Still, I agree with the dominant interpretation.

10 comments:

Tyro said...

That Doherty can offer explanations for (or explain away) several pieces of the evidence does not discount the cumulative case that this evidence leads most scholars to conclude.

Heh, that sounds exactly like what the mythicists say about how people explain the flaws in the historicist case :)

I do wonder how fair it is to point to the 'consensus' opinion on this subject. Do you believe that most scholars examine the cases and conclude that the Jesus probably existed? How many do you believe have seriously examined the issue, how many just accept the traditions which originated in apologetics?

It's possible that Doherty is correct though. When it comes to historical investigations like this one perhaps the best we should claim is agnosticism. To claim more than this in the face of contrary historical evidence and arguments may demand more of historical evidence than we can reasonably allow.

Fair enough. Thanks for the semi-review :)

Mark Plus said...

It is much easier to conceive of a movement splintering into a multitude number of groups than it is to conceive of a multitude number of similar groups arising at the same time across the known world who soon come together and identify themselves as Christians.

If you look at the history of the socialist movement in the 19th and early 20th Centuries, you find people in widely dispersed societies articulating similar grievances about how their respective ruling elites ran things. These people then coalesced into socialist, labor or communist parties which discovered they had similar or complementary values and agendas, and therefore a basis for international cooperation, when they took notice of each other across national boundaries. And this higher-order coalescence happened organically, without any central authority trying to bring it about.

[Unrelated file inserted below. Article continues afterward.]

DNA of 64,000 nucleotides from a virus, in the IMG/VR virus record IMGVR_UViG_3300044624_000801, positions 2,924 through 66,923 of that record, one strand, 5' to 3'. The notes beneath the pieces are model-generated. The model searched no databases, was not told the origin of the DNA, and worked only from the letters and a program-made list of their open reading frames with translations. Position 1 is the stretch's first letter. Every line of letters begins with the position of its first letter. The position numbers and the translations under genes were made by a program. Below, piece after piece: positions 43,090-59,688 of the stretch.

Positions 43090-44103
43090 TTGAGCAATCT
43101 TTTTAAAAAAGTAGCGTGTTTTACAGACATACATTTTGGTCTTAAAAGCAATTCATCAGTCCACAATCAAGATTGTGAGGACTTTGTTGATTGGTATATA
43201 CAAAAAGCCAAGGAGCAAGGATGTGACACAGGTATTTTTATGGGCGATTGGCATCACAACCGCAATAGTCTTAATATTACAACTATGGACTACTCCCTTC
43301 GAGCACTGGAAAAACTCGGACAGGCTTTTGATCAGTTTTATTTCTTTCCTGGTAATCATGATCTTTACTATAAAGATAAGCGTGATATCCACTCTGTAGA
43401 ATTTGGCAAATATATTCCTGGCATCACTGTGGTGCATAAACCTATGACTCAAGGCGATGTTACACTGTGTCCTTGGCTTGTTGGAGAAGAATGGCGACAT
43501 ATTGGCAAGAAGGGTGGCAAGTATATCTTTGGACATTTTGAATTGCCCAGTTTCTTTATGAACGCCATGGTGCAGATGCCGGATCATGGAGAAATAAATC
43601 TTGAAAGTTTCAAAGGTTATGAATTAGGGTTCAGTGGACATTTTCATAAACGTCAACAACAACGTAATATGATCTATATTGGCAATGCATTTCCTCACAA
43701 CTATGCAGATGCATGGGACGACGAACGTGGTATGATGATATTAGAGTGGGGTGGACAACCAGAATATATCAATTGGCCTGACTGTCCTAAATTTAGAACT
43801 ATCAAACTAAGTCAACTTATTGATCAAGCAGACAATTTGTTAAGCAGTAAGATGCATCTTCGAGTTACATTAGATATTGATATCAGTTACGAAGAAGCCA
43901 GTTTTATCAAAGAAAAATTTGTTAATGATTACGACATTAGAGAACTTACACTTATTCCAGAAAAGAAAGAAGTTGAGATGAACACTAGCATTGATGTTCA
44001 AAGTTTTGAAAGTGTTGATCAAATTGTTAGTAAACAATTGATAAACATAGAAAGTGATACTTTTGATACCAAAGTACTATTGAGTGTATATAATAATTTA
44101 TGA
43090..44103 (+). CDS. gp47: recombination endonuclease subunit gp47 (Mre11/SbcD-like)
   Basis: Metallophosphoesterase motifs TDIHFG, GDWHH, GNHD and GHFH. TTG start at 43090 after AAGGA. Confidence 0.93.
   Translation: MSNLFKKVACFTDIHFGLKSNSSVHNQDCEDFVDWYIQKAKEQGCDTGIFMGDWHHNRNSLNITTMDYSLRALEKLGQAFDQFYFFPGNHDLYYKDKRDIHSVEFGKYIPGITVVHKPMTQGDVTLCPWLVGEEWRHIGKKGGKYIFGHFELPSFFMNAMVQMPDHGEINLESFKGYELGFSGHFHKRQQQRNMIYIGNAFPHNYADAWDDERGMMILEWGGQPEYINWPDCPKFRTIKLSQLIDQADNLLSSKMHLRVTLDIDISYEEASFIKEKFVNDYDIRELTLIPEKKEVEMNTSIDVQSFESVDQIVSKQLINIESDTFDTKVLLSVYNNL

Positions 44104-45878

I don't know if christianity started in such a dispersed fashion. But precedents for that sort of social process exist.

Tyro said...

When we look back at the other religions, is it so hard to believe that Judaism and Hinduism didn't start with any single preacher but arose organically out of a large community? Surely everyone accepts that Moses wasn't a real, historical character yet he was the "father" of a religion that's at least as unified as Christianity.

I don't know why a dispersed origin should be a large stumbling block.

John W. Loftus said...